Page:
of Paradise and its subsequent fall. It is used in prime form as a symbol of the Divine, and in inversion to evoke the fall of humanity, the world, and the human condition in general. Later in the opera, Hildegard sings, "The trumpet simply makes the sounds..." to the prime form, then, as she sings, "I suffer from a heart of little courage," she sings the inversion.
Olson’s Interest in the Sacred and more…
Olson was open about her devout Christianity and what inspires her as an artist, including her views and aims regarding sacred music. “When I write it is coming from a deep place. Housed in that deep place that is me, is a very strong religious belief. I’m very happy and comfortable to engage with it but not every piece I write is overtly sacred.” A few years ago she composed a piece about winter in response to the feelings of a Jewish friend of hers who felt uncomfortable in choirs due to the volume of Christian music.
Sacred topics are dear to my heart but it is just one thread… I am deeply enamored with the poetry of Lorri Neilsen Glenn and have set it several times. I love [composer] David Lang, and at times he can be too much of an influence on me. He has very compelling ideas and I have to be careful. I believe Kaija Saariaho might be the greatest living composer but I don’t think one can hear much of her in my writing.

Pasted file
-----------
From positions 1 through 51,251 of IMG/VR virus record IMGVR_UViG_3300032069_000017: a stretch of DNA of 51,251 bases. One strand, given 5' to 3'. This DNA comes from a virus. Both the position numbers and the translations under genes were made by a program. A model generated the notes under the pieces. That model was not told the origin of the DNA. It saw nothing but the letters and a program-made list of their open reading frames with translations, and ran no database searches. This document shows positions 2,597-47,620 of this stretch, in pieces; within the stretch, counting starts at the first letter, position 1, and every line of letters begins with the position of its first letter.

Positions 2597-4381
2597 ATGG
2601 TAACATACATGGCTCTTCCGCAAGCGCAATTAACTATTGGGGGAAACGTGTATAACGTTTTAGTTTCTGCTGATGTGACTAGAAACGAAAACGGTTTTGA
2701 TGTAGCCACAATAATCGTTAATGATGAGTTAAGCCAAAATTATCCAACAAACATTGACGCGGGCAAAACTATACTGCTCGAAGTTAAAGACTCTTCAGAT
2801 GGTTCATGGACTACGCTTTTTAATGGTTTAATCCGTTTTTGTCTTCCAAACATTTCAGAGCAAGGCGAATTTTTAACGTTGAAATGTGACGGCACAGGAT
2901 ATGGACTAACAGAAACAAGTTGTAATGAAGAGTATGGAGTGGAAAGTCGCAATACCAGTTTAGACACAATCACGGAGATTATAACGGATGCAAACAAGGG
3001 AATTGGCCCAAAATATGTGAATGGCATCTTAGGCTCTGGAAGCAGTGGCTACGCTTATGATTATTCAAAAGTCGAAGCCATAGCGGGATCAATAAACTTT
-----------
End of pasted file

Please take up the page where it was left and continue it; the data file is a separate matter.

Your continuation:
The immediate future is bright for both Olson and Sanctuary and Storm. A workshop of the full opera is planned for May 2019 in Vancouver, BC, which will also include the first major production meeting with the design and directorial team. re:Naissance Opera hopes to premier the opera in their 2019-2020 season. Additional performances will include one for the Women Composers Festival of Hartford, where Olson is Composer in Residence, and a possible performance in Toronto. In addition to her continued work on Sanctuary and Storm, commissions in 2019 include two choral works, a piece for saxophone and electronics, and then a woodwind quintet. Olson was chosen as the winner of the 2018 Barlow Prize from 356 submissions from 36 countries and as a result will complete a consortium commission for choral groups The Crossing, Seraphic Fire and the BU Singers. Olson’s compositions can be found through the Canadian Music Center and through her publishers E.C. Schirmer and Hal Leonard. Compositions not available through those sources are available on request. Tawnie Olson serves on the composition faculty of the Hartt School of Music. More information about Tawnie Olson including a full list of works and contact information can be found at her website: https://www.tawnieolson.com. Information about Sanctuary and Strom can be found at: https://www.reopera.com/sanctuary-storm .